From near the entrance of the optic nerve, through the original choroidal fissure, arises the much-folded pecten, deeply pigmented and very vascular, far into the vitreous humour.
IrXivOos, a tile), in petrology, a dark grey or dark brown crypto-crystalline substance which has an almost vitreous lustre, and when pure appears structureless to the unaided eye.
C, Cornea; 1, lens; v.b., vitreous body; r, retina.
Included in this group are some rocks which are more properly to be regarded as vitreous forms of trachyte than as glassy rhyolites (Iceland), but except by chemical analyses they cannot be separated.
The distal portion of the vitreous body may project from the cavity of the cup, forming a non-cellular lens as in Lizzia (fig.
It is a vitreous greenish blue, as I remember it, like those patches of the winter sky seen through cloud vistas in the west before sundown.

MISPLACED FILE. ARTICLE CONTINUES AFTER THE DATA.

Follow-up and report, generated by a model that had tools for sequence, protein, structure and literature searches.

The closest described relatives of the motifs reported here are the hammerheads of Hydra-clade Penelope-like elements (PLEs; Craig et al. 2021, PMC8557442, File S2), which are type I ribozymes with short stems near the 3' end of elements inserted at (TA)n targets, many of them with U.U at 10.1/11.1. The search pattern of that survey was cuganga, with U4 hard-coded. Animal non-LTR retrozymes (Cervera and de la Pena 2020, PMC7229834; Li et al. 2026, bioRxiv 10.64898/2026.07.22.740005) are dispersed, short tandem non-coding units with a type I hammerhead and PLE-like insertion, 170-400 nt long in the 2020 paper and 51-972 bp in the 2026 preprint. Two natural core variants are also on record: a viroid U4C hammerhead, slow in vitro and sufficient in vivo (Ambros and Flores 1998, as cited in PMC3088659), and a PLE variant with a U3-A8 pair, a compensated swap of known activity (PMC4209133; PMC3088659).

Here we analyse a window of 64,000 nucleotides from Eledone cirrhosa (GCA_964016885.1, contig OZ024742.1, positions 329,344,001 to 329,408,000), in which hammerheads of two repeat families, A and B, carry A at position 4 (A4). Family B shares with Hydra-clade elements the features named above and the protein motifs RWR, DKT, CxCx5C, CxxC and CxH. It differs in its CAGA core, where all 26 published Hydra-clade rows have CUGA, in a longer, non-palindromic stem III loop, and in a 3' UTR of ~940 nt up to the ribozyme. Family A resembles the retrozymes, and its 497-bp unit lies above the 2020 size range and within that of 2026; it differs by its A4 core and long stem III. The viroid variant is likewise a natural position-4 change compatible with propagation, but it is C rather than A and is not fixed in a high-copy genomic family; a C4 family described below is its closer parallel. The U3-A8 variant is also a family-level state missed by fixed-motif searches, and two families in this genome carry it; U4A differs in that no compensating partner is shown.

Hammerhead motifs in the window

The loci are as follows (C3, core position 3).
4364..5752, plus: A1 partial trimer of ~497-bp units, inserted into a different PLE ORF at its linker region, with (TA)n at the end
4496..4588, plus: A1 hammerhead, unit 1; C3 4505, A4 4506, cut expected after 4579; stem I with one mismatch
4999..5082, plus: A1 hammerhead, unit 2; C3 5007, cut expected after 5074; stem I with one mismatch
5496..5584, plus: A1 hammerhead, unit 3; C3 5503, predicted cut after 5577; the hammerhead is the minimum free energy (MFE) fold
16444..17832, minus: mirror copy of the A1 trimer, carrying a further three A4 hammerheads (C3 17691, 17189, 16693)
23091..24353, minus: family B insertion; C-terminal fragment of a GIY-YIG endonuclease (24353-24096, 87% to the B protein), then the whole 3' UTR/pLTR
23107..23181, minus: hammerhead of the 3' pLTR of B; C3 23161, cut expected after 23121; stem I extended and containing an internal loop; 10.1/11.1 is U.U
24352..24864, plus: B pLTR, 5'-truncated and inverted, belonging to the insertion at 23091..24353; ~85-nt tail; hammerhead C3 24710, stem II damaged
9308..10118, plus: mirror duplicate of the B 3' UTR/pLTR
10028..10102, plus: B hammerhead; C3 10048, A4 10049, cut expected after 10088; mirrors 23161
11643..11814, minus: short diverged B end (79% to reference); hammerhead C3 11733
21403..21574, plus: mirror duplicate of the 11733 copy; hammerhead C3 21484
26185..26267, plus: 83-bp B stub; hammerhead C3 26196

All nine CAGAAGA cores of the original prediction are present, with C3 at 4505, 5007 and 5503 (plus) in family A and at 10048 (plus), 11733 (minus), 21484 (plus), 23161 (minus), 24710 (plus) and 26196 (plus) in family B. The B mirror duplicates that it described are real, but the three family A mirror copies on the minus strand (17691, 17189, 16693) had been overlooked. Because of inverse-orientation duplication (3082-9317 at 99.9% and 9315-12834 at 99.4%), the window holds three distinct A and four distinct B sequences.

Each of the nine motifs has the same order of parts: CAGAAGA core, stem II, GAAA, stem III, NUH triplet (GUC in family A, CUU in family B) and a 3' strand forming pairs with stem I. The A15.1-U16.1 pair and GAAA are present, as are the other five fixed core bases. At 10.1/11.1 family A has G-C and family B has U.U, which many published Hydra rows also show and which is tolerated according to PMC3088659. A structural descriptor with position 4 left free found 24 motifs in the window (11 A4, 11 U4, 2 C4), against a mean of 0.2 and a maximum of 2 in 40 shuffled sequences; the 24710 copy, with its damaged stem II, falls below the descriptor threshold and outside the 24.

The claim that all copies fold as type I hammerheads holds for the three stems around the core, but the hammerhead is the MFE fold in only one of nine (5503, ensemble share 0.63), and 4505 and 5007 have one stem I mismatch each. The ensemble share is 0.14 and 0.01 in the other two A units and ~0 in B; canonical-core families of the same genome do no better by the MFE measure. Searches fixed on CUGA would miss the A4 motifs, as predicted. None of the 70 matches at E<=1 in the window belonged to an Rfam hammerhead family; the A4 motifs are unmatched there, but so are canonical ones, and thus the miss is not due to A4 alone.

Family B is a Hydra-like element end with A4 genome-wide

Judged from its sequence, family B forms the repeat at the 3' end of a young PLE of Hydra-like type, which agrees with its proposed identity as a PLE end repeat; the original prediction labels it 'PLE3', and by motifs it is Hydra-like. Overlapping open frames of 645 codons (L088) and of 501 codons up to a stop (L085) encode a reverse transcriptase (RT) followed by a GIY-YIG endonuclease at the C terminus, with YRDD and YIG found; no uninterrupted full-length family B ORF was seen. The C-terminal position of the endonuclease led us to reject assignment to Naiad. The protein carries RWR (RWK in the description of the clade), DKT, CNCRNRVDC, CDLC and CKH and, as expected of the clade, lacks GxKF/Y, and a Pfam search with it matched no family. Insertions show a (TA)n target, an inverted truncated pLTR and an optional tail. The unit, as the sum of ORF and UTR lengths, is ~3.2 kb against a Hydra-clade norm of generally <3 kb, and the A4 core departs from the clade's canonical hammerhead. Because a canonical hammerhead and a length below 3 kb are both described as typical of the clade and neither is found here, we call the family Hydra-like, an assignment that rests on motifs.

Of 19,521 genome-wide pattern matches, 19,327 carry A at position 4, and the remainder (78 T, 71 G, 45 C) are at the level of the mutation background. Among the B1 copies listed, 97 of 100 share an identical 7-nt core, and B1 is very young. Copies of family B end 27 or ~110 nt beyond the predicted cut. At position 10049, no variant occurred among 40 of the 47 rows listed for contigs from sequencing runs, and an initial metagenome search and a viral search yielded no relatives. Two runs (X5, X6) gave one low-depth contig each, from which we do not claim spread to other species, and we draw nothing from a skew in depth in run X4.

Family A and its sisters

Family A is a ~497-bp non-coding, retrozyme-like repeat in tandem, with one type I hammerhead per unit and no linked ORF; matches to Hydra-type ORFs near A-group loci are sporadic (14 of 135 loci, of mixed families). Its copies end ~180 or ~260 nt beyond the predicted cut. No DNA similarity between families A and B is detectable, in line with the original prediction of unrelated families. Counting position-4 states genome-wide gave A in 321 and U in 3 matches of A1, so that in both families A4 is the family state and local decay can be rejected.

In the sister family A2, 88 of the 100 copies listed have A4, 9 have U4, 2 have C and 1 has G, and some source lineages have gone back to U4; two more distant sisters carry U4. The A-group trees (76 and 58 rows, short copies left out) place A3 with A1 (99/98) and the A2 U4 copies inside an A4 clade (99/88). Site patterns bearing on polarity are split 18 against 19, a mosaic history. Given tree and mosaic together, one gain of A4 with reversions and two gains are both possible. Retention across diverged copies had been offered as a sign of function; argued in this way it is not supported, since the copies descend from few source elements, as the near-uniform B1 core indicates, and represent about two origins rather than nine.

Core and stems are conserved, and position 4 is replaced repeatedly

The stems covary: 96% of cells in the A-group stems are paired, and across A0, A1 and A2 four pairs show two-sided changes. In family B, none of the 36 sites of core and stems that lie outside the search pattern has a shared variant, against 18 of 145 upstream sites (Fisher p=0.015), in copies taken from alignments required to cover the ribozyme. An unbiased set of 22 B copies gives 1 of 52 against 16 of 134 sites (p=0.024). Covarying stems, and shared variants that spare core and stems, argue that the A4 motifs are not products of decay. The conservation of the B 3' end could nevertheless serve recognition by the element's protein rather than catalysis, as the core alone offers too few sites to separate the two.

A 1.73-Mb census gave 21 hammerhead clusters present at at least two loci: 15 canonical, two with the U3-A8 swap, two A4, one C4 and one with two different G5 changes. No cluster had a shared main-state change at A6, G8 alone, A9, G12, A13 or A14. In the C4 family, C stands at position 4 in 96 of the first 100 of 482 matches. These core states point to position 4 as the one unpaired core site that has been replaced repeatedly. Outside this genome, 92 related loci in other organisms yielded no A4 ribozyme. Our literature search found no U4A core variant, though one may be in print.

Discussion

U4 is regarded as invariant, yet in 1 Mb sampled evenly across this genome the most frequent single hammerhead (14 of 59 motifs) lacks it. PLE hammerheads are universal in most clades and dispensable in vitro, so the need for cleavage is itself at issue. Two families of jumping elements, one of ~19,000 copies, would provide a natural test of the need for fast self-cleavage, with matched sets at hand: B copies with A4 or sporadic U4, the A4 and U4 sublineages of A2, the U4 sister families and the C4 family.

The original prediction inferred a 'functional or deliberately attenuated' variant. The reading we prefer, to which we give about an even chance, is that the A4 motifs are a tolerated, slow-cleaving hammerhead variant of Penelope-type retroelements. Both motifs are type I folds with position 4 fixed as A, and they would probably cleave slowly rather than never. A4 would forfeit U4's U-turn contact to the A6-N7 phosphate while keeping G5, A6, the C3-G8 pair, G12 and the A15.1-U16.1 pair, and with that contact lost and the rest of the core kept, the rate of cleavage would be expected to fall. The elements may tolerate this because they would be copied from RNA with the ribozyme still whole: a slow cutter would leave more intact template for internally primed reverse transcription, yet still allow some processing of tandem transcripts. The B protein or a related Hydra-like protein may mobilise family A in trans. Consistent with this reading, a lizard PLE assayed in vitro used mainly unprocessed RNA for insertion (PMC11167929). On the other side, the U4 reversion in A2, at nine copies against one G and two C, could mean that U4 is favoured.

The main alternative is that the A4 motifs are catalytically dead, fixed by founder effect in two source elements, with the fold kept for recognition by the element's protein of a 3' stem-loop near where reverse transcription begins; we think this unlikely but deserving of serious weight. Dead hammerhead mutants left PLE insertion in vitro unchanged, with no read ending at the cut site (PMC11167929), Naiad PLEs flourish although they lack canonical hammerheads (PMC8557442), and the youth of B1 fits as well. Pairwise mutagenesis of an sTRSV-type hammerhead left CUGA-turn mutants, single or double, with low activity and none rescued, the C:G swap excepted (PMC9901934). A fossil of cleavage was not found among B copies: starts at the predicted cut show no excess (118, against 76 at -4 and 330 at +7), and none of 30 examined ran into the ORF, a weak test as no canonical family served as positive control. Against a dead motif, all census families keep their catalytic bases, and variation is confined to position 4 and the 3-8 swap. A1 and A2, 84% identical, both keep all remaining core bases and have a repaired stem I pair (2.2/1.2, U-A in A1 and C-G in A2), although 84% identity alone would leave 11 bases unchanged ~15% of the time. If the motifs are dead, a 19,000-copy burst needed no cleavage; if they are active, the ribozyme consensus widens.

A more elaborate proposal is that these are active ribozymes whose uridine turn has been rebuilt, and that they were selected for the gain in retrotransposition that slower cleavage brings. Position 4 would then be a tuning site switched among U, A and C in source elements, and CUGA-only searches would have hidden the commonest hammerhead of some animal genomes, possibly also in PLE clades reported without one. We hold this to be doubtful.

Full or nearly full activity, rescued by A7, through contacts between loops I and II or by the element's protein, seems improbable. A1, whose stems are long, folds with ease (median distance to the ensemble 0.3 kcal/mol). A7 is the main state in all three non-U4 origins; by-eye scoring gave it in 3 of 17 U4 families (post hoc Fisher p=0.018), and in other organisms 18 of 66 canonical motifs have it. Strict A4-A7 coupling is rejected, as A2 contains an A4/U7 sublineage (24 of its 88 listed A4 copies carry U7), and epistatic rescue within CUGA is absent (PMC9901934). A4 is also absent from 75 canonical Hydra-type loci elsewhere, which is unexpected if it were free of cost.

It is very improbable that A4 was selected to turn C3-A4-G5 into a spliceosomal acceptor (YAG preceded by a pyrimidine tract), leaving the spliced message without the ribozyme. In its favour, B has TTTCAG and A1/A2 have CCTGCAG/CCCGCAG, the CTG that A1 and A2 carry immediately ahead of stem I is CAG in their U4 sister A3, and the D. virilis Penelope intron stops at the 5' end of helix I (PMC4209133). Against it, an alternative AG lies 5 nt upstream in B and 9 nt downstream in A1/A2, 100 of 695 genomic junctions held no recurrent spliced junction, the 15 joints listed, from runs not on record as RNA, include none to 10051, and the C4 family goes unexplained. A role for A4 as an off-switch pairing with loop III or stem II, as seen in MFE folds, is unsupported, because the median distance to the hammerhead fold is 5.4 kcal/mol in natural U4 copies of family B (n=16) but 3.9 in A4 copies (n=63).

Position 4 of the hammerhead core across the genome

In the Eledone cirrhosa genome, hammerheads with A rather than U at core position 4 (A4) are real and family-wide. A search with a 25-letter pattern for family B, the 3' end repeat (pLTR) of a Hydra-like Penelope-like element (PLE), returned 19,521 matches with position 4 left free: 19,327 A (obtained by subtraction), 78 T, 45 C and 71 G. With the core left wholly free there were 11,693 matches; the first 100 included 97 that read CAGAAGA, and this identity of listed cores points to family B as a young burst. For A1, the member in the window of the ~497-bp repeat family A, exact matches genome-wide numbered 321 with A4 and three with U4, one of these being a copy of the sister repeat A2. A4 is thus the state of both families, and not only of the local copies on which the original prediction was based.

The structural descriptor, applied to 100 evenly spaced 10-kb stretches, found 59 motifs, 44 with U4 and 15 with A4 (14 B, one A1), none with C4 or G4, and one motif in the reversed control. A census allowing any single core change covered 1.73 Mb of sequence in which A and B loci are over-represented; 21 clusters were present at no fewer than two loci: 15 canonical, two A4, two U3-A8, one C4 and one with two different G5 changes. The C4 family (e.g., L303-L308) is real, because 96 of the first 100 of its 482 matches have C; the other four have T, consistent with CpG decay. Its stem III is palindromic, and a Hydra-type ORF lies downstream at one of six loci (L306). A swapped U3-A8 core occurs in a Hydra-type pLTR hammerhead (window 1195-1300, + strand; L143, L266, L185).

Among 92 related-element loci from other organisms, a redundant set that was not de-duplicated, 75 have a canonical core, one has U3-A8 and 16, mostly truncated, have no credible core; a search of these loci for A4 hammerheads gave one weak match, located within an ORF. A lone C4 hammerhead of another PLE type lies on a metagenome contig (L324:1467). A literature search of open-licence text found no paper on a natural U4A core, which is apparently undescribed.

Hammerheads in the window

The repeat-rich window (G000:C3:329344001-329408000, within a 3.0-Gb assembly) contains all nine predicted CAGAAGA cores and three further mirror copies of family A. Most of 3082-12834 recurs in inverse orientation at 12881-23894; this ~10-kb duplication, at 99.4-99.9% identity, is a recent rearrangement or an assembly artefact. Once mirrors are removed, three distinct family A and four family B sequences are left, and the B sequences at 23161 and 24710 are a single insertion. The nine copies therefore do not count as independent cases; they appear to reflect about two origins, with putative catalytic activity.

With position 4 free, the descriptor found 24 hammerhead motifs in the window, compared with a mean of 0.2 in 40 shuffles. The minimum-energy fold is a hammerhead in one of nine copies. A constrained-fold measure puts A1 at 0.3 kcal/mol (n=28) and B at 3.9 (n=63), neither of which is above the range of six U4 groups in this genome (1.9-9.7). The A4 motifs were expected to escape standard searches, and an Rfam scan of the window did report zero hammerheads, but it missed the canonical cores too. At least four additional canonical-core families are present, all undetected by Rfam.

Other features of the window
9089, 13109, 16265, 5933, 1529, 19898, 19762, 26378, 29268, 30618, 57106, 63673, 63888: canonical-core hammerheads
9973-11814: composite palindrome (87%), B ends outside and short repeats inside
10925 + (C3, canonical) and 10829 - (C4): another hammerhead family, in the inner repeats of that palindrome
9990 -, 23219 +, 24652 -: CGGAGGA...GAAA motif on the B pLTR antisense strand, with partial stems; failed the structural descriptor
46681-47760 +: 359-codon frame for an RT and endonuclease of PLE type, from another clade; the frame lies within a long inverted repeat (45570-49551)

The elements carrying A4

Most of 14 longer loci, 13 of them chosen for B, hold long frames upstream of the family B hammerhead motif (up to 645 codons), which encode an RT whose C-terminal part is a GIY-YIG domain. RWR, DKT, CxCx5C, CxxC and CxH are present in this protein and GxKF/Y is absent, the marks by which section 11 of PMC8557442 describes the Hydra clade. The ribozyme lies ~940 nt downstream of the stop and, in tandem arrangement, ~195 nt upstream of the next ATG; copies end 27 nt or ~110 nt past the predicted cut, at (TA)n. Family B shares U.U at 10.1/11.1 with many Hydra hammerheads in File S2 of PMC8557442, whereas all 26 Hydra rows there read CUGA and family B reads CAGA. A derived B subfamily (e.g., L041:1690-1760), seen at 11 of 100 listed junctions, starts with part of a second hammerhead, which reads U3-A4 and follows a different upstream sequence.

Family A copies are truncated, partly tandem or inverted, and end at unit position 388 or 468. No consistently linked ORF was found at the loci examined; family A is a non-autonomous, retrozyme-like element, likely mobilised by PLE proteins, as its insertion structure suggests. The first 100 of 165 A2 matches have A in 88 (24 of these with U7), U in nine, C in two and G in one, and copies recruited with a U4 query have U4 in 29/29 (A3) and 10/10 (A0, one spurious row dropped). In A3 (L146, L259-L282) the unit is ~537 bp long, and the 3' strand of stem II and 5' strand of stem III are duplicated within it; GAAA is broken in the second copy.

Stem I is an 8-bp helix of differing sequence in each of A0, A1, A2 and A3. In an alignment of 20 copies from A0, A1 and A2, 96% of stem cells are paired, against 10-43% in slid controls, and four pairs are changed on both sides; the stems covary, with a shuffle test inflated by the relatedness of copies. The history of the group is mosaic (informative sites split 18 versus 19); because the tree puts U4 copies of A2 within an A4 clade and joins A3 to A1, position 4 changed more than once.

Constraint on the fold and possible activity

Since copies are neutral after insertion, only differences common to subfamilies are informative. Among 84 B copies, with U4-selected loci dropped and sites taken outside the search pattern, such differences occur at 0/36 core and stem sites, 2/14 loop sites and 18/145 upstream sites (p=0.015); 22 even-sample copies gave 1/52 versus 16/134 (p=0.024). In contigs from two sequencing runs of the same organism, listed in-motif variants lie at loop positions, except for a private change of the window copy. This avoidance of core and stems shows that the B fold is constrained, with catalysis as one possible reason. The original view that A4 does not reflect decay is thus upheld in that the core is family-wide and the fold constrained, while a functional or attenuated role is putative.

A typical resin is a transparent or translucent mass, with a vitreous fracture and a faintly yellow or brown colour, inodorous or having only a slight turpentine odour and taste.
Although rocks wholly or in large part vitreous are known from very ancient geological systems, such as the Devonian, they are certainly most frequent in recent volcanic countries.
A dull stony-looking rock results, the vitreous lustre having entirely disappeared, and in microscopic section this exhibits a cryptocrystalline structure, being made up of exceedingly minute grains principally of quartz and felspar.
By many lines of evidence we are led to believe that obsidians in course of time suffer devitrification, in other words they pass from the vitreous into a crystalline state, but as the changes take place in a solid mass they require a very long time for their achievement, and the crystals produced are only of extremely small size.